Watching CBS News 60 Minutes this summer, I noted that they repeated a story Born good? Babies help unlock the origins of morality. I found it fascinating, as I watched it for a second time.
“It’s a question people have asked for as long as there have been people: are human beings inherently good? Are we born with a sense of morality or do we arrive blank slates, waiting for the world to teach us right from wrong?”
There were a series of experiments done on children six months old at a clinic associated with Yale University: “In offering babies this seemingly small, innocuous choice — graham crackers or Cheerios — [researcher Karen] Wynn is probing something big: the origins of bias. The tendency to prefer others who are similar to ourselves.
“So will [baby] Nate, who chose Cheerios over graham crackers, prefer this orange cat, who also likes Cheerios — over the grey cat who likes graham crackers instead? Apparently so.
“But if babies have positive feelings for the similar puppet, do they actually have negative feelings for the one who’s different? To find out, Wynn showed babies the grey cat — the one who liked the opposite food, struggling to open up the box to get a toy. Will Gregory here want to see the graham cracker eater treated well? Or does he want him treated badly? Gregory seemed to want the different puppet treated badly.”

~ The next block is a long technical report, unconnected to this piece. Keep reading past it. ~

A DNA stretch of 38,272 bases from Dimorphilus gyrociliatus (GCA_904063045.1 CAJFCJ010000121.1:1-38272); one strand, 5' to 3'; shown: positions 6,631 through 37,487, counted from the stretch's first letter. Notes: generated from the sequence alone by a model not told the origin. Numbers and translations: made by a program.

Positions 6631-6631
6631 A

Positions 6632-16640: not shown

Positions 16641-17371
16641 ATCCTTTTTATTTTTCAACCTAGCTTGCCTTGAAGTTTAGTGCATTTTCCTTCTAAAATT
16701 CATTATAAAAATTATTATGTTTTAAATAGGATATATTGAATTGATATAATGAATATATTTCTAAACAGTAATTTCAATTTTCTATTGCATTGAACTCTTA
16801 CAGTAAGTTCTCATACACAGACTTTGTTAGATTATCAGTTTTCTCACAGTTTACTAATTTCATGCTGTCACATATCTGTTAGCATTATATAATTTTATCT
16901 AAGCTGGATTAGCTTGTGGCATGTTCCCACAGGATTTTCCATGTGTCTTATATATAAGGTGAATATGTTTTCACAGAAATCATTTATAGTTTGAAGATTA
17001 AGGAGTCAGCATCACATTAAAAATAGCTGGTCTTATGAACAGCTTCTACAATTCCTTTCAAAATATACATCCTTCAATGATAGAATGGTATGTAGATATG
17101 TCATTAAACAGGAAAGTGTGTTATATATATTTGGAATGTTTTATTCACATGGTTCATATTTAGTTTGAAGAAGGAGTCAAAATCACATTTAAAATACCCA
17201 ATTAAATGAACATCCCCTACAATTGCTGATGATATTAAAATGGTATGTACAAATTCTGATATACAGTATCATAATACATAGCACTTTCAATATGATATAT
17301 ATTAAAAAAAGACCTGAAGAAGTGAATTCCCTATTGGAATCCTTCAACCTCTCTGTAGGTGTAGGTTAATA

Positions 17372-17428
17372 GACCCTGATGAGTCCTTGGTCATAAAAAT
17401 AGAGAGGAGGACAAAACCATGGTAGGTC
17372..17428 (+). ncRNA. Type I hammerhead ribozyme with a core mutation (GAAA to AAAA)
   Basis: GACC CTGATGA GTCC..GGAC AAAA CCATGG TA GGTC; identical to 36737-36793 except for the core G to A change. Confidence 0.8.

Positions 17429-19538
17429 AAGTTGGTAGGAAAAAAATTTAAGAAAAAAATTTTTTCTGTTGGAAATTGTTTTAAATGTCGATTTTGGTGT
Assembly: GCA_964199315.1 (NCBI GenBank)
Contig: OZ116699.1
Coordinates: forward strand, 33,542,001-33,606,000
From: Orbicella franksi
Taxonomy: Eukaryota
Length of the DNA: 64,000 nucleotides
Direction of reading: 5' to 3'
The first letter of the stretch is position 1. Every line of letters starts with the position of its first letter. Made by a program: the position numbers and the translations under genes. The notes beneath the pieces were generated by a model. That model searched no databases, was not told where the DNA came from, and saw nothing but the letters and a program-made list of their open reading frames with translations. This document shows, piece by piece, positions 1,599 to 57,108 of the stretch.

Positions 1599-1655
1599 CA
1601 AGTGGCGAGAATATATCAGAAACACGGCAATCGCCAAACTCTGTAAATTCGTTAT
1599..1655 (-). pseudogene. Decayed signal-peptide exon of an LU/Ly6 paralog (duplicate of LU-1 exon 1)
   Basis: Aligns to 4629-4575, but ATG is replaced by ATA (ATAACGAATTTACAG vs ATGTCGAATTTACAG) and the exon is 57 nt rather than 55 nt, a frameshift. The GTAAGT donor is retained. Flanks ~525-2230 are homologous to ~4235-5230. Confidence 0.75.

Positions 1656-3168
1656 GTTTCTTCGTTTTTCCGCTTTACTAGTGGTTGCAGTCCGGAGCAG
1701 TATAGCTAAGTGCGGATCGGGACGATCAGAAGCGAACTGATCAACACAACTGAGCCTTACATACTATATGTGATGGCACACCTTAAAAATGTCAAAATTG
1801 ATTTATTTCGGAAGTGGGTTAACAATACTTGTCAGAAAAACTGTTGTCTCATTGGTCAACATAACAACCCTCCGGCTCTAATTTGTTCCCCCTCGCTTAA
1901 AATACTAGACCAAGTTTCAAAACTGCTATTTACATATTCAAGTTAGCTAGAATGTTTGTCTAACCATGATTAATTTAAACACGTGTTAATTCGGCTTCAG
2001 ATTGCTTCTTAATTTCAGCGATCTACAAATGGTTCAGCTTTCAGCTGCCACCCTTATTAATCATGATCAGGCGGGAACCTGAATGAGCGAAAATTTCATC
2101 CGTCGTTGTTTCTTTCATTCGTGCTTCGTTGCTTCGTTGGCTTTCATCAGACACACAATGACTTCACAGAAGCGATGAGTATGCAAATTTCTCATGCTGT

Reporter Lesley Stahl notes that the child went with his bias.
“And so did Nate and 87 percent of the other babies tested. From this Wynn concludes that infants prefer those ‘who harm… others’ who are unlike them.”
I can’t help but to wonder if most people, including adults, react similarly, depending whether they relate to different individuals in a dispute.
But there are also positive outcomes in this study. Especially as children get older, altruism develops, a sense of fairness.
Here is the video, and here’s a bonus feature, Is your child fair when no one is watching?